History Of Rock N’ Roll Guitar Part 2
This article provides a glimpse into the origins of one of the most original and revolutionary developments in acoustic guitar design and construction: the Ovation guitar, and its lower-priced cousin the Applause guitar.
The Ovation guitar was a revolution in the history of guitar making. Its innovations include the use of synthetic materials in guitar construction, the mathematically designed “bowl back”, the use of onboard preamps and piezoelectric pickups, and the offset sound holes of the Adamas series.
Charles Kaman, an aeronautical engineer, and amateur guitar player were born in 1917. He was raised in Washington, DC, and by his teenage years, he had two main interests: guitar playing, and aviation design. These interests would later combine to produce the Ovation guitar.
As a teen, Kaman entered model airplane design contests held at his local playground. He also entered a national guitar competition sponsored by the makers of Kool and Chesterfield cigarettes. Kaman made it to the finals and won the opportunity to play guitar onstage with the Tommy Dorsey orchestra. Afterward, Dorsey offered Kaman $75 per week to play guitar with the band, but Kaman turned it down.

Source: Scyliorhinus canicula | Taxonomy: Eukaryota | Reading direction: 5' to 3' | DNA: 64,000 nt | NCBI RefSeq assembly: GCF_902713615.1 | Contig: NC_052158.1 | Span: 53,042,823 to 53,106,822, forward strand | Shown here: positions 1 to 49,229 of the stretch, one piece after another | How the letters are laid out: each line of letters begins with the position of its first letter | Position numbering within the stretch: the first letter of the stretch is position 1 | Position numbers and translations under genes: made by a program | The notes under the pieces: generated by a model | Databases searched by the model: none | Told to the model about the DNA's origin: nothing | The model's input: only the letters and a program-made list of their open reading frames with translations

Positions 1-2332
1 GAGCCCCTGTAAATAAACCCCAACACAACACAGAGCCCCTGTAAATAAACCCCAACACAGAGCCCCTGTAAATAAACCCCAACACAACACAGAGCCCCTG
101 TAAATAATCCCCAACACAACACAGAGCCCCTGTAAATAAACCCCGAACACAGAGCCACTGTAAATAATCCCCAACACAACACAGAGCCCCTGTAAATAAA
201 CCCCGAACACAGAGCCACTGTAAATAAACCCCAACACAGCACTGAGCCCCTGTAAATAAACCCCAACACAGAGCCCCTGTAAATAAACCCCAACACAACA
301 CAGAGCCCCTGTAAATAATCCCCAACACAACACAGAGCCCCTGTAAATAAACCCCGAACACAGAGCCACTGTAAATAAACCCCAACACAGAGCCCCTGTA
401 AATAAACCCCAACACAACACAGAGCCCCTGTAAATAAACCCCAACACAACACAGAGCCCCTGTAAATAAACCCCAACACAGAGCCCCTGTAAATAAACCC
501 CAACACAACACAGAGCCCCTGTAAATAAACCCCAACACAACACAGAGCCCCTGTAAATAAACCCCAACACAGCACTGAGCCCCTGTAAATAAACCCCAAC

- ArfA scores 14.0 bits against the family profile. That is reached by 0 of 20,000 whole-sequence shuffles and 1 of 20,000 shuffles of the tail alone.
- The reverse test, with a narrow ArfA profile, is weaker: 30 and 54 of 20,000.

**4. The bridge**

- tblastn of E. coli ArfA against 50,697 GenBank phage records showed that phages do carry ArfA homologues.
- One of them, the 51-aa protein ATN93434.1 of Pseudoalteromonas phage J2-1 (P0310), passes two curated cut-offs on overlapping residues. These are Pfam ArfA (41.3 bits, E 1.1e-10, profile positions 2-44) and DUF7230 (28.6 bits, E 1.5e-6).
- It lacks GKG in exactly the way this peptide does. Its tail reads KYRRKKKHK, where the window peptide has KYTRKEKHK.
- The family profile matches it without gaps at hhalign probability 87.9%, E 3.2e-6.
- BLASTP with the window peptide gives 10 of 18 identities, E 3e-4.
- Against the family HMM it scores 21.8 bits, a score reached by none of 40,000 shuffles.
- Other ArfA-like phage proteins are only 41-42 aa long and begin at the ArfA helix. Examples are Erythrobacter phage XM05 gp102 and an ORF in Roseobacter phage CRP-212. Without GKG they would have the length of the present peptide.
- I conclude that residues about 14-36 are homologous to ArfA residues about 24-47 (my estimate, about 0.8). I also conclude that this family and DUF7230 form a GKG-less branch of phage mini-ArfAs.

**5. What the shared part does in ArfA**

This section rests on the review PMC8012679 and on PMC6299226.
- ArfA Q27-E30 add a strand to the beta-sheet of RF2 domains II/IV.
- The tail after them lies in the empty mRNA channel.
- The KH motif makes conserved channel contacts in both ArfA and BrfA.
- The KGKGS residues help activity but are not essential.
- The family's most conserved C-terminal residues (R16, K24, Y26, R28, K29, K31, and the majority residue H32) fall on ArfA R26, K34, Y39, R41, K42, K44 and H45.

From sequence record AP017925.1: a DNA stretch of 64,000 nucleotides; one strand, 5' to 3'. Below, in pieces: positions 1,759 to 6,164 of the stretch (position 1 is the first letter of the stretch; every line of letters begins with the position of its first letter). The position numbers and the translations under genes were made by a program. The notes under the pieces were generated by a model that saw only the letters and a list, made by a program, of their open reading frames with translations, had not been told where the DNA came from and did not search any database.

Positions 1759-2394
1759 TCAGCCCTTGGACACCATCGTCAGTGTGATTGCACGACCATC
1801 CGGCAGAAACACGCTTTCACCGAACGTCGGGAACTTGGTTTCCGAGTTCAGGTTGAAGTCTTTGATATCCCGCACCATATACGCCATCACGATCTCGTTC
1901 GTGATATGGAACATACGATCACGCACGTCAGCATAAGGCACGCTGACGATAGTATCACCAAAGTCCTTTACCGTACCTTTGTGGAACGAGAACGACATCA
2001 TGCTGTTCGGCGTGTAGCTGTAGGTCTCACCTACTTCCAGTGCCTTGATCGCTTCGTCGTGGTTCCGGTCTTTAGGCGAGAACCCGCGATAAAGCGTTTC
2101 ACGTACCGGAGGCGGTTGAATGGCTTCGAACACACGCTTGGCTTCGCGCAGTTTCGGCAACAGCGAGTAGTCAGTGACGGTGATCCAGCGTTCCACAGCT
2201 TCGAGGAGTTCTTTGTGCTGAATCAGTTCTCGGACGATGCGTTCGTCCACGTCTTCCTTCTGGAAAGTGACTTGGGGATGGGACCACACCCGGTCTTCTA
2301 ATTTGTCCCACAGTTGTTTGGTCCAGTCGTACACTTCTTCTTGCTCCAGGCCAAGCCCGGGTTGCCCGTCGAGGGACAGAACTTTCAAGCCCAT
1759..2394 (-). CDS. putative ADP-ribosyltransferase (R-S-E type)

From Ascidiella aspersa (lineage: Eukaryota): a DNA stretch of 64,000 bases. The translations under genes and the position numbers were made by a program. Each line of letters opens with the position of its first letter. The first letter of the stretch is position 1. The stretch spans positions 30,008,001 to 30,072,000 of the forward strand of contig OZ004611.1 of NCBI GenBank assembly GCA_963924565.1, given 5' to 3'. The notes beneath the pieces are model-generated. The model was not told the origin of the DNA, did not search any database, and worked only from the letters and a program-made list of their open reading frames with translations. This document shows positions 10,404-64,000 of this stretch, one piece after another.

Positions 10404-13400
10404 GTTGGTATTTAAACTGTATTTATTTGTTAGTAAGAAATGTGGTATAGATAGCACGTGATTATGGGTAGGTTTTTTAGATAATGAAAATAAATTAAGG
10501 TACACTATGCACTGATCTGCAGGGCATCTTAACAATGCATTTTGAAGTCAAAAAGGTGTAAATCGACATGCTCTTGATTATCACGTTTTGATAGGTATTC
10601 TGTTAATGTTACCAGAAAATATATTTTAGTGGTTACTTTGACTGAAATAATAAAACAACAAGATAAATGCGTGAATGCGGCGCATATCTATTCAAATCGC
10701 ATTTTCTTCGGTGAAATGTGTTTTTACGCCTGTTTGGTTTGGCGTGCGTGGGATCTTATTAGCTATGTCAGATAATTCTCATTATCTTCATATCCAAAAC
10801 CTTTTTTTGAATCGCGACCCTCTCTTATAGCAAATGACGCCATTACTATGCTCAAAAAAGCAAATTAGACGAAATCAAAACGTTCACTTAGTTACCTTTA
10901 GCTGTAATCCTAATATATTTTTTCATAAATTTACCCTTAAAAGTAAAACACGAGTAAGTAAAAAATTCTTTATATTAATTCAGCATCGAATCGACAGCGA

Instead of taking the opportunity to play guitar professionally with Dorsey’s orchestra, Kaman had decided to pursue his interest in aeronautics. He attended Catholic University in Washington and graduated in 1940 with a Bachelor’s degree in aeronautical engineering.
Frustrated in his ambition to become a pilot because he was deaf in one ear, Kaman instead became a propeller designer in the helicopter division of United Aircraft, working for inventor Igor Sikorsky. By 1943, he was the head of aerodynamics. But when he developed a new propeller design that would dramatically increase helicopter stability, he was told that the company had an inventor already (Sikorsky) and didn’t need another one.